Martin Juarez, vice president of operations at Infoblox, can be counted among the numbers of people in Silicon Valley who made the transition from engineering to business, and he gives much of the credit to the MBA program at Santa Clara University School of Business.
Juarez earned a degree in electrical engineering and computer science and began a long career at Hewlett Packard. He started as an engineer, working on products, and enjoyed the technical challenges, but soon found himself fascinated by business challenges as well.
“I began to take interest in the business end,” he says. “I found I was pretty good at leading teams and working with suppliers and customers, and I eventually moved into management, working in HP’s Network Server Division.
“But as my responsibilities grew, I began to realize that some of my business skills were lacking, and concluded that if I wished to advance further, I should go back to school for a master’s degree in business.”
Juarez took a hard look at graduate business programs, seeking one that would provide a first-rate education while meshing with his work and family life. Santa Clara, with its Executive MBA program that caters to mid-career professionals with classes on Fridays and Saturdays turned out to be the right fit, and HP sponsored him for the program.
“I really liked that it was a cohort program,” he says. “All my classmates had careers and were looking to enhance their toolbox with business-related skills. The curriculum had a great deal of relevance to the issues faced by Silicon Valley companies, and the faculty was reflective of the leaders of Silicon Valley.
“And something else I really appreciated was the Jesuit value system with an emphasis on ethics and giving back. I had enough work and life experience to know that it’s not all about advancing in your career and making money. The program fit with who I was.”
At Santa Clara, Juarez acquired detailed and technical business skills in areas such as finance, negotiations, accounting, statistical modeling, and managing a supply chain.
But in addition to the technical business education, he says the Leavey MBA program taught a way of looking at issues and solving problems that has a near-universal application.
“Santa Clara offers a very pragmatic program that gives a set of skills and a perspective for solving problems collaboratively. You don’t graduate from there with a Lone Ranger mentality.
“The program teaches you to see things from multiple dimensions. Sometimes what seems like a technical problem can have its roots in an organizational problem, which in turn is linked to a human relations issue. We were taught to look at problems holistically and try to get to the root cause, and that it takes the whole team to solve the problem. You can’t leave anyone out.”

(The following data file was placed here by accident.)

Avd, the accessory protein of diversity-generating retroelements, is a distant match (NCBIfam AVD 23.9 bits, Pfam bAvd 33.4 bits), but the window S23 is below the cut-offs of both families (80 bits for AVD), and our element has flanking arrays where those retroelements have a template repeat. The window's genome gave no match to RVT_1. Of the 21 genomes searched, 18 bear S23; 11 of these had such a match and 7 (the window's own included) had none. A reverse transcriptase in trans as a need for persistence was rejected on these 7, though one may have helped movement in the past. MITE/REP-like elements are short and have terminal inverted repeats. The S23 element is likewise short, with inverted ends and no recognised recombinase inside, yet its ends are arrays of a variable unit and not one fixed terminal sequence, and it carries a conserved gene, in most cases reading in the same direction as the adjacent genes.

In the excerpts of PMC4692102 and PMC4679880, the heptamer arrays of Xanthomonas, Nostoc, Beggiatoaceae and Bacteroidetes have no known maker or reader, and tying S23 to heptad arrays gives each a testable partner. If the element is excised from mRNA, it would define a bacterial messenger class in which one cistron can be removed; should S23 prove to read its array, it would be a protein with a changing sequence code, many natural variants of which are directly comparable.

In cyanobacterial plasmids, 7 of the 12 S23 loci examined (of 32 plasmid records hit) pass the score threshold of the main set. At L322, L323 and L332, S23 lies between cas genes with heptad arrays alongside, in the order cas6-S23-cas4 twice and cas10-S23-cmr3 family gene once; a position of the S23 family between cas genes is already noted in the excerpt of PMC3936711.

Not long after Juarez earned his MBA, HP underwent a major restructuring and offered employees financial incentives to leave. He’d been there long enough to qualify and decided to move on and look for another position. That’s where the network of people he’d gotten to know at Santa Clara became invaluable.
“We’d get together for lunch and talk,” Juarez says. “People would put in a good word for you, give advice on how to interview at a certain company, help you understand what a company’s culture is really like.
“There was a tremendous amount of information exchange about jobs opening up, and you could get the real story about a company by talking to people who either worked there or had a spouse who did. I also found that more than half the interviews I got came from referrals.”
In 2012 Juarez was hired in the operations division of Infoblox, a rapidly growing company that provides software and hardware to help businesses manage their networks. He began as a supply-chain director (a subject Santa Clara is known for teaching well), and when his boss left a year and a half later, Juarez was named vice president of operations for the company.
The job requires him to work with a wide range of people to make sure the supplies the company orders will work from an engineering, financial and operational standpoint, which necessitates truly understanding the relevant issues in each area.
His Santa Clara education, he says, has been “invaluable” in that regard. “Companies move so fast these days that you and your team have to be able to step back and analyze problems in multiple dimensions if you’re going to keep your customers and investors happy.”